Mind the cornices! While most people ascending Worm Flows Route are content to just reach the closest part of the crater rim directly above Monitor Ridge, a somewhat tricky traverse is required to reach the true summit about 400 metres further to the west.

The hardest part of the traverse was descending with free heels and skins on!

After dropping to a dip along the crater rim, Sonny resumes climbing to the true summit.

Photo courtesy of Zosia Zgolak


I have a very patient and understanding girlfriend!

This is looking back at Zosia from the dip along the crater rim.

I noticed a few crazy people venturing right out onto the overhangning cornice! Here is another look back at the part of the crater rim that most people stop at when climbing Worm Flows Route.
Just didn't feel comfortable enough to set up my camera tripod here... Sonny takes a selfie on the summit of Mount Saint Helens (2540 metres).

Double wow!

Here is the million-dollar view to the northeast of Spirit Lake and Mount Rainier.


Boy, did I ever luck out with the weather!

Here is the view of the eastern half of the crater rim with Mount Adams on the horizon.


On a sea of clouds! Distant Mount Hood rounds out the view to the south.
While it would have been nice to linger on the summit, I did not want to keep Zosia waiting.  After stripping off my climbing skins, I left the summit after spending less than 20 minutes there.  As I skied back to the dip, I noticed some figures on the next high point along the crater rim.  This is the same high point that the aforementioned snowshoers had climbed (I saw no fresh tracks on my way to the true summit).  It would seem that most people that climb the Worm Flows Route do not bother with continuing to the true summit.  More troubling though was seeing some of these people walking or standing near the edges of the overhanging cornices, and I wondered if they were even aware of how dangerously close they were to the abyss below them.  There has been at least one recorded fatality associated with a cornice collapse on Mount Saint Helens, but given the heavy traffic on this mountain, it is perhaps surprising that there has not been more accidents over the years.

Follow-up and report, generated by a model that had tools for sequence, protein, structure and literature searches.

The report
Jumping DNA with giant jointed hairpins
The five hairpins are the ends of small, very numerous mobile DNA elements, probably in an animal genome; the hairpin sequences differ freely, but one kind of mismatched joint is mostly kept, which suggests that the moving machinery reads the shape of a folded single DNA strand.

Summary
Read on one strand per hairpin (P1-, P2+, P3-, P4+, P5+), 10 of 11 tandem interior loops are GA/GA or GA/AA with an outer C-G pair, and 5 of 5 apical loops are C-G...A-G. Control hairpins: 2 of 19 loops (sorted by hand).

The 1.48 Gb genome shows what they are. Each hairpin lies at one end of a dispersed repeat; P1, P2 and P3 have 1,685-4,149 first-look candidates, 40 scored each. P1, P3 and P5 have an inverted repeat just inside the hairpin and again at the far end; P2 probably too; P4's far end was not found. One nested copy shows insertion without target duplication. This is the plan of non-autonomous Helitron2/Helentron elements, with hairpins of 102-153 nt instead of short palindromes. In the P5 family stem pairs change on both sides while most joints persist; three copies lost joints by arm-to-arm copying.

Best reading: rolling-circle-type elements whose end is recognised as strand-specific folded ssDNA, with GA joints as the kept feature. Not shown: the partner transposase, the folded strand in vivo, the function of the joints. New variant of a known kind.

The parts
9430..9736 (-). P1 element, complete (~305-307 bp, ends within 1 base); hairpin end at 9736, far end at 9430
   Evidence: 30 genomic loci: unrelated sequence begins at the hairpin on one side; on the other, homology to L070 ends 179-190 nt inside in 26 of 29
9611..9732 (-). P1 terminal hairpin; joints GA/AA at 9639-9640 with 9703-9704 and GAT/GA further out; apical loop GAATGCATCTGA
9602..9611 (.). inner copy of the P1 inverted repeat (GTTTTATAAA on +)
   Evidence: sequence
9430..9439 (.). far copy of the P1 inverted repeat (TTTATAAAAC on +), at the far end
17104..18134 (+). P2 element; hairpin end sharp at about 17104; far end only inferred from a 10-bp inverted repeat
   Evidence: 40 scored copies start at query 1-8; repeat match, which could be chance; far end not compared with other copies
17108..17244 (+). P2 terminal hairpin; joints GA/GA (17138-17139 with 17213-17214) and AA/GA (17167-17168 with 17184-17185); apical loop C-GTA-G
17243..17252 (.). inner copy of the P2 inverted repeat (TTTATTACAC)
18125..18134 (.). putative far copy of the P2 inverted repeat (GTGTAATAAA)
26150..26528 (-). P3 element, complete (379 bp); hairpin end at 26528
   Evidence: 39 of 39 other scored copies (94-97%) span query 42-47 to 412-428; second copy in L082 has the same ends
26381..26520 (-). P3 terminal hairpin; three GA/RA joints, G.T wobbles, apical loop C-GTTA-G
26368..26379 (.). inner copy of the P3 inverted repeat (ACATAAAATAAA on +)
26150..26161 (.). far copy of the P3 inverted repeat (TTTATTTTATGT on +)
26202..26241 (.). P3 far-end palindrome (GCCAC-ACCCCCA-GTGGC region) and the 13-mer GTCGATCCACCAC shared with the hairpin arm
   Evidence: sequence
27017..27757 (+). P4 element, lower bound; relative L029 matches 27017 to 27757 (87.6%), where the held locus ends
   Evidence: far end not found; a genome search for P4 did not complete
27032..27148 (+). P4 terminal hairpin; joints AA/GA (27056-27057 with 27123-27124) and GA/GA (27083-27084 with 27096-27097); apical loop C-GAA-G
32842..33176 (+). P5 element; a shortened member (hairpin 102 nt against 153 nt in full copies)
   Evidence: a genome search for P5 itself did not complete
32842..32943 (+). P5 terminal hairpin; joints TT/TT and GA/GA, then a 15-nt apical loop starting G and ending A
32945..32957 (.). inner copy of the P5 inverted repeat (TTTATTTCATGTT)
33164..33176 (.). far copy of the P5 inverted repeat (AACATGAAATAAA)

Rather than climb back up my tracks from the low point of the dip, I continued traversing across the steep slope and eventually wound up below where Zosia was patiently waiting for me.  Once I got her attention, she quickly skied down to join me, and together, we continued to ski down the mountain.  By now, there was a steady stream of people coming up, and the Worm Flows Route was taking on a circus-like atmosphere.  Thankfully, we were going in the opposite direction and had plenty of room to make turns.  In my opinion, this was probably the most enjoyable ski descent I have ever experienced to date.  The combination of fantastic snow conditions, superb weather and moderately-difficult terrain was simply perfect.  Even below tree line, Swift Creek Ski Trail #244 was a lot of fun to ski all the way back to the trailhead.  Zosia was not too proud to walk down a few steep sections, but overall, she managed to ski most of the mountain, a terrific accomplishment for someone with limited downhill skiing experience.

Upon returning to Marble Mountain Sno-Park which was considerably busier than the previous evening, we packed up our gear and drove west to the I-5 where we eventually found a truck stop to grab a shower and enjoy a hearty dinner.
Beautiful! Here is a closer look at the more popular "summit" along the crater rim.  Mount Adams looks brilliant in the distance.
Reunited and it feels so good! Zosia descends the slope near the crater rim.

Almost makes me wanna go back and ski it...almost!

Here is another look at Mount Adams surrounded by clouds.


Summit or no summit, it's a great day to be skiing on the slopes of Mount Saint Helens! Sonny and Zosia pause their descent to pose for a photograph with Mount Adams in the background.  Click here to see Sonny subsequently skiing the slope below this spot.
Don't want this to ever end! Zosia skis down more open slopes with Yale Lake visible in the distance.
Good place to try a 1080-spin! Zosia skis down a gully which resembles a ski resort half-pipe.
What a difference a few hours make! Zosia returns to the sign along the route near tree line.  Visibility of the upper mountain is much better than earlier in the morning.
Hardly any uphill pushing until the very end. Sonny is enjoying the long run down Swift Creek Ski Trail #244.

Photo courtesy of Zosia Zgolak

Awesome dinner! Sonny is about to dig into a monster taco salad at Gee Cee's Truck Stop.
One of the finest ski descents I've ever enjoyed. Total Distance:  18.8 kilometres
Round-Trip Time:  11 hours 11 minutes
Net Elevation Gain:  1757 metres